Author Topic: Renting without a monthly earned income, employment history or rental history  (Read 4104 times)

K. C. Gray

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Hi Jeremy & Winnie,

My wife and I have finally reached our goal of financial independence and have just recently retired from our jobs.  Although we are not young (58 and 53), compared to many out there in the FI community, we still managed it, mostly by changing our spending habits.  And there is where I would like to thank you two for influencing us so much.  I discovered your blog some three or four years ago.  Your story really spoke to me and I kept sharing your ideas with my wife, and well - here we are. 

Thank you both very much for deciding to share your philosophy with the great many of us out there.  I had always had trouble fitting myself into the American Dream, and I just never understood why.  Perhaps it was being a Military Brat my whole youth, traveling constantly, but I was never sure.  Reading your blog made me feel like I wasn't alone.  I only wish I had read your blog when I was a younger man. 

I do have one issue that has arisen for us that I am hopeful that you can share some ideas on, or perhaps point us in the direction of some good advice, or a good book that may cover this issue:  It is about establishing a steady income stream from investments, in order to show property managers that you are financially able to meet your commitments.  Rental contracts seem to be based entirely on earned income, with questions about present employer, past employers, how long you have worked there, monthly salary, address of last rental, name and phone number of last landlord, etc.  We are able to fill out our names and the present date, and that is about all.

In talking to various real estate folks and property managers, they do not seem to have any options for folks living off of their money.  Apparently folks our age do not rent much, so this question does not come up.  The folks we talked to were at a loss as to how they would be able to rent to us.  Even after taking our questions, back to their offices, they seemed to be at a loss as to how to fit someone like ourselves into their forms.  It became clear to us that this will be an ongoing issue going forward, as we plan to sell our home, and long term travel, renting as we go.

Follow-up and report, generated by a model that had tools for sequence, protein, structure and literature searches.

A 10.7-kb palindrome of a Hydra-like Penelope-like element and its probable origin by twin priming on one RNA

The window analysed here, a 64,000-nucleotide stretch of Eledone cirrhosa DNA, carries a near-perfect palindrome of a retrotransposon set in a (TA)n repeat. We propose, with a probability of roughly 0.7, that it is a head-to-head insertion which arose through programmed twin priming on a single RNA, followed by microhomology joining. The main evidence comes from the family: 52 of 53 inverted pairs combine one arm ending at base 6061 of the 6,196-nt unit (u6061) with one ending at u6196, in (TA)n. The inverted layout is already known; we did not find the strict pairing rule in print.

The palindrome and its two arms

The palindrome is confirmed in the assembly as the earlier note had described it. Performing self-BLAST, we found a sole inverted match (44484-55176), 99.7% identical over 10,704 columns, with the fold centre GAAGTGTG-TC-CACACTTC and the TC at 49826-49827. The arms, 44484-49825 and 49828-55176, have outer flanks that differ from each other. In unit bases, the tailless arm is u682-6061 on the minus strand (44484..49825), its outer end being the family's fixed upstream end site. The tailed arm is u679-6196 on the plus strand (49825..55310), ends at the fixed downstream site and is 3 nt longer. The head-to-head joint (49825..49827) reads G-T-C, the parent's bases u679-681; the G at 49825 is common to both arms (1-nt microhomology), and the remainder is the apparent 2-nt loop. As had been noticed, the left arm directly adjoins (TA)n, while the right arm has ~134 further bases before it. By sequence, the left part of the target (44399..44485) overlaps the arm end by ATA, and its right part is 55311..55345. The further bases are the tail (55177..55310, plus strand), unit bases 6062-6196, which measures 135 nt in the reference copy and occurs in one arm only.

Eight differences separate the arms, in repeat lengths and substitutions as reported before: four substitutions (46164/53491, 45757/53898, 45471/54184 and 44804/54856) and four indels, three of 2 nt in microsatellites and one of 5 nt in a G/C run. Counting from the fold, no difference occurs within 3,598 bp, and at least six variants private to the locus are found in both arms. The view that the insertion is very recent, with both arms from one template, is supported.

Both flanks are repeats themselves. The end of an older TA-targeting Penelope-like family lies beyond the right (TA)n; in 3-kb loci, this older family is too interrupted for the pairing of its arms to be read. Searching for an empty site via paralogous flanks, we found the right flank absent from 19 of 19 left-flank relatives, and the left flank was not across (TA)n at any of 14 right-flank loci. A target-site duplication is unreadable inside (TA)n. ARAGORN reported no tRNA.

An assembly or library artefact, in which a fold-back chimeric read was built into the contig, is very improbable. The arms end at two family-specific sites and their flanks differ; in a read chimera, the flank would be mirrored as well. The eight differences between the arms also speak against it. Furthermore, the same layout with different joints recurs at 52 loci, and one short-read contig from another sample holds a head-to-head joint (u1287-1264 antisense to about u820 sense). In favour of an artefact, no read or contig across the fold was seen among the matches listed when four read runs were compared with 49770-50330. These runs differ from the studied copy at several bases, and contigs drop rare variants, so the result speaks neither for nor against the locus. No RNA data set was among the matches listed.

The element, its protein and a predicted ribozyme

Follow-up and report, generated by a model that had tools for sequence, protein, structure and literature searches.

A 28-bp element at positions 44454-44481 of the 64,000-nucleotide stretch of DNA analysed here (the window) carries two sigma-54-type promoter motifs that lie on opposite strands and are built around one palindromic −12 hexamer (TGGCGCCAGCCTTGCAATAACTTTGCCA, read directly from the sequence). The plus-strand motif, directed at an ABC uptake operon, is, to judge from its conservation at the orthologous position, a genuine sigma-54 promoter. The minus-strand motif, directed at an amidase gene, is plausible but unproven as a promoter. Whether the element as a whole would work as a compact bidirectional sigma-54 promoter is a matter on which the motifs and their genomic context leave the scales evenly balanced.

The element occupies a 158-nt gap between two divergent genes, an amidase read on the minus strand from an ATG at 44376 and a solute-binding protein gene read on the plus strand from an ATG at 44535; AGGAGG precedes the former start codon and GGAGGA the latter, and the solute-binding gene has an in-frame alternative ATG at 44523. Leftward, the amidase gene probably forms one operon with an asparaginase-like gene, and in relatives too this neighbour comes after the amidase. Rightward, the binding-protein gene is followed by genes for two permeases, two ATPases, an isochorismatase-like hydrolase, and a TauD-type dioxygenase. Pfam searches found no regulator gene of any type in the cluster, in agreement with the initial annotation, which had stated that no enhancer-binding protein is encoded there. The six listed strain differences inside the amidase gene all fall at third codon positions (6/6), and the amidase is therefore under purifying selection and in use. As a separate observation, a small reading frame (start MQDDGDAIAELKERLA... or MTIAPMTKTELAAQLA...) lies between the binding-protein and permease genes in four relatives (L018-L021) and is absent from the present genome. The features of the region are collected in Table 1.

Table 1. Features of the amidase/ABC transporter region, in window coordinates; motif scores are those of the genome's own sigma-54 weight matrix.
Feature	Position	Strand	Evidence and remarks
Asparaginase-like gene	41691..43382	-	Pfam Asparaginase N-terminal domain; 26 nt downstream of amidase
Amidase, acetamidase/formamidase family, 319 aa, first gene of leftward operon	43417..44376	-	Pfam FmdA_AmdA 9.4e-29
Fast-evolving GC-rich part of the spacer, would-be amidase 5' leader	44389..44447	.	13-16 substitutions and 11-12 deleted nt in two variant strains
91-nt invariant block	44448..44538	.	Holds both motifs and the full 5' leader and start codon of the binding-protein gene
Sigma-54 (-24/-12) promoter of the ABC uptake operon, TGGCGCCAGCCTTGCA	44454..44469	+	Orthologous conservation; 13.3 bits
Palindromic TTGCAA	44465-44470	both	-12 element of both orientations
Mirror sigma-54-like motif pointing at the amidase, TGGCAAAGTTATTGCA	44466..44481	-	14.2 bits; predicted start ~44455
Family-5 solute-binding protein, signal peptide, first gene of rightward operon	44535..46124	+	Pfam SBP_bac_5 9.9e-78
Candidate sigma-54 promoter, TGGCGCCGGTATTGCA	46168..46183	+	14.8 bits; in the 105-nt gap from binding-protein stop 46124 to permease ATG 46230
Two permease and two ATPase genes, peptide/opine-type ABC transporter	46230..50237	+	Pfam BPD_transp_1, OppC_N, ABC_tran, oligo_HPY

Perhaps there are ways for FI'ers to show a steady income stream for these purposes or other inventive ideas for working around this problem?

Any advice you may be able to give us on this subject, would be most welcome.


K & K


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I'm a landlord for a lot of properties. And it's true you don't run across financial independence types every day. I can see how you get confused looks from employees of management companies.

BUT ... I would rent to you all day long. I do have criteria for income for all applicants, but in your case I would ask you to document how you generate money to pay your bills. If you said "I live off of dividend income and sell a few stocks per year" I'd ask for a brokerage statement showing you have enough assets to do it.

I KNOW you'll pay your rent. So, it's just a matter of getting documentation (for fair housing reasons and others) to show you've done your homework as a landlord.

Can you ask to speak with a manager or property owner?

And worst case can you offer to pay an extra deposit that they'll release after on-time payments for 6 months?

Good luck!


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In the past I've also offered to pay a landlord a whole year of rent in advance (with a healthy discount, of course.)
"No, no, that's ok.... "

This is when I was working so I had a verifiable income stream, but they still had some other hang up.


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I'm sorry to hear that K.C.  You would think property managers would find you guys to be less of a risk to rent to.  I currently rent, but I work a W-2 job and am the only income for our household.  While our rent is manageable compared to my gross pay (~19% of gross pay) I am a much greater risk than someone living off of their portfolio who has hundreds of companies paying dividends/ growing earnings to sustain their lifestyle (i.e. one income stream vs. multiple).

Would offering to pay 6 months in advance for a small discount get management interested? Could you show your checking account or past brokerage statements to show the stability?

Finally, what about going even more non-traditional in finding some longer-term Airbnb homes to rent?  Perhaps you could make good contacts with the owners of each Airbnb and then use them as your "rental history" or references on an application for a more traditional rental?  Just some thoughts which came to mind.
I have a blog as I chronicle my family's journey to FI.